RTC sues eight over First Federal lending losses

June 02, 1993|By Norris P. West | Norris P. West,Staff Writer

The Resolution Trust Corp. has filed suit against eight former directors of First Federal Savings & Loan of Annapolis, claiming that reckless lending led to $19 million in losses.

The lawsuit, filed Friday in U.S. District Court in Baltimore, charges eight counts of civil wrongdoing by thrift officials for commercial and residential loans.

The suit seeks to recover $19.1 million plus attorneys' fees from the former directors.

Named as defendants are former Presidents Thomas J. Norris, who also is a former board chairman, James B. Yates and Douglas A. Parran; former board Chairman Arnold G. Alexander; and Leroy E. Hoffberger, Elizabeth M. Meer, Thomas O. Tilghman Jr. and Thomas E. Marcos.

The charges are based on three transactions, RTC lawyers said:

* $3.5 million in losses from loans in 1987 for construction of 288 condominiums at the Bayside Marina in Kent Island. Among other things, the suit says the thrift failed to require down payments from borrowers. Only 19 condos were built.

* $6.4 million in losses from loans in 1986 to acquire and develop 43.5 acres in Forestville. A subsidiary of the thrift, Delta Financial Corp., was general partner in the project, and as part of the project was obligated to provide unsecured financing, the suit says. The project remains undeveloped.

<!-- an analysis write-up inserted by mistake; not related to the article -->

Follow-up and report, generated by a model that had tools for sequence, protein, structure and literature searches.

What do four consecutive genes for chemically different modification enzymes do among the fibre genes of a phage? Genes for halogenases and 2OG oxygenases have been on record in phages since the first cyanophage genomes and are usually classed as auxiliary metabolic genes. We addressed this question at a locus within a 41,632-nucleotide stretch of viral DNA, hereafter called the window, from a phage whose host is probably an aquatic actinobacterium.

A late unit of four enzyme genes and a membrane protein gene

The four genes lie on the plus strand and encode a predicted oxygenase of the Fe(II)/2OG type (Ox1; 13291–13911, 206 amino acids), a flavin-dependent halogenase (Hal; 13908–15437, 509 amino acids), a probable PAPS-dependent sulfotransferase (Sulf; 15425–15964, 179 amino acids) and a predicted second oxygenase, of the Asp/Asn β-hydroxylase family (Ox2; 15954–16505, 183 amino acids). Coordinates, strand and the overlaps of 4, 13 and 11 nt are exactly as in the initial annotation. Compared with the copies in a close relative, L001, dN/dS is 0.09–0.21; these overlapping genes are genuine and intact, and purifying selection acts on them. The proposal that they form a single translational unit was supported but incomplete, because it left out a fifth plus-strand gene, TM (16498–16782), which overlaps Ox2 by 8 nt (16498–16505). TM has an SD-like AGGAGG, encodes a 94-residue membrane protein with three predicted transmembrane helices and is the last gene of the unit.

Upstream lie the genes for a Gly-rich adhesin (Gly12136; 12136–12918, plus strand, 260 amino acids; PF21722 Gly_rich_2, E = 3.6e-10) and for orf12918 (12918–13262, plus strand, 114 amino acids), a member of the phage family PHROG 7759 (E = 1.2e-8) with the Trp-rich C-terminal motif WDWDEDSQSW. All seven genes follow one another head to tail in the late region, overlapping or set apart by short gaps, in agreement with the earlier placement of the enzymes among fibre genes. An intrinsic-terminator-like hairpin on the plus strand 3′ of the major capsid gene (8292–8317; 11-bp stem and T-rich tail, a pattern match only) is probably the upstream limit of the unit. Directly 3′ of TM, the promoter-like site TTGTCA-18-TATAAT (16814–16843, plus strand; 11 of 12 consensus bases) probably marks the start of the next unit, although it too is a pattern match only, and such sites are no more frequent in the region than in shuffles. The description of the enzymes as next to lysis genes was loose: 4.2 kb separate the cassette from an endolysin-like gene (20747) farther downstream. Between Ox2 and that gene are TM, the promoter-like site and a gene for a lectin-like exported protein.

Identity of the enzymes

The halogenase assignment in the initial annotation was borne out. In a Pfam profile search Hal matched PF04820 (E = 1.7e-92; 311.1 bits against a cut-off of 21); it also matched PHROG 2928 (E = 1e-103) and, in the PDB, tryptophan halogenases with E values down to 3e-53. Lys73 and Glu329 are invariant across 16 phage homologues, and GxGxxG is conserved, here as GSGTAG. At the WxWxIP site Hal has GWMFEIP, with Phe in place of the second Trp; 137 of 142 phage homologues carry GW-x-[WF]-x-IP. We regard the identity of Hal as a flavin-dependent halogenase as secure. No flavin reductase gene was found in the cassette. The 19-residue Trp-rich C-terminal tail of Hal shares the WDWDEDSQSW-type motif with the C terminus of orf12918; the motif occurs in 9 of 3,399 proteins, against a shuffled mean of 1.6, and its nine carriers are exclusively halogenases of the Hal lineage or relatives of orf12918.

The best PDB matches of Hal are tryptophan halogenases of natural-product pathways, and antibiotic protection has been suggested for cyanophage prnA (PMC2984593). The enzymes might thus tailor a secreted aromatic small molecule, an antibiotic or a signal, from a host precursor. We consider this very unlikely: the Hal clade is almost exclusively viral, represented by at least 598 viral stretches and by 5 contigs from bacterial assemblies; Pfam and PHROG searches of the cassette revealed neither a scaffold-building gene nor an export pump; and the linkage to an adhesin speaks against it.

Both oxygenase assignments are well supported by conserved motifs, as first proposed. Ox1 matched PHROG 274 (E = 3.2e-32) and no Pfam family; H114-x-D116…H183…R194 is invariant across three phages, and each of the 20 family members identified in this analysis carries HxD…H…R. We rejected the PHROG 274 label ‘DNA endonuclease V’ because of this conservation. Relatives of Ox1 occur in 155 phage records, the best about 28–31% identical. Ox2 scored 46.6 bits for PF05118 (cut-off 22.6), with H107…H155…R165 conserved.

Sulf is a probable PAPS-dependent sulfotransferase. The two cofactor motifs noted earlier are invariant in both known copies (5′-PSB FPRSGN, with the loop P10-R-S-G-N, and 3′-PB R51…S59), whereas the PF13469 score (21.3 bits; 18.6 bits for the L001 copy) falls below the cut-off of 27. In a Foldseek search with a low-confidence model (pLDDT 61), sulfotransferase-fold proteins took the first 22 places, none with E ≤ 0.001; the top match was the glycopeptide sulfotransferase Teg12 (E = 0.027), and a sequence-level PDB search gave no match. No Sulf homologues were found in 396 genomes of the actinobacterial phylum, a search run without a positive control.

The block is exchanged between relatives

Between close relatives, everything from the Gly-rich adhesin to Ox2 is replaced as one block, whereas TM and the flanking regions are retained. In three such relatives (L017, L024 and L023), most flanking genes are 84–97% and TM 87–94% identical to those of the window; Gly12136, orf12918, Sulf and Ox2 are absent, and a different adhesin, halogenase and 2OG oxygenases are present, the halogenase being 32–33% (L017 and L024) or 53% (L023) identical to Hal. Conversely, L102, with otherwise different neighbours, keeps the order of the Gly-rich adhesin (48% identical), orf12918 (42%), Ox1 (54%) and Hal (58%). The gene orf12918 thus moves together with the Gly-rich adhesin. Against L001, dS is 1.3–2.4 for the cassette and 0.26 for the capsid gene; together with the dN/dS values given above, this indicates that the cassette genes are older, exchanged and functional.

* $9.2 million in losses from loans in 1986 to acquire and develop 58 acres of commercial land in Largo. The suit contends a bank official had warned that the area was overdeveloped at the time.

The suit says thrift officials began to get involved in large real estate joint ventures and partnerships after incorporating its Delta Financial Corp. unit

Beginning in 1983, according to the suit, First Federal expanded heavily into commercial real estate loans, although lending officers did not have enough experience with such lending.

Daniel F. Goldstein, an attorney for Ms. Meer, Mr. Marcos, Mr. Tilghman and Mr. Alexander, said the RTC was "cherry-picking" to find wrongdoing before the expiration of a three-year statute of limitations for filing a lawsuit.

"It's a reach to sue outside directors on three specific transactions out of all the transactions that have gone on during their service as director," he said.

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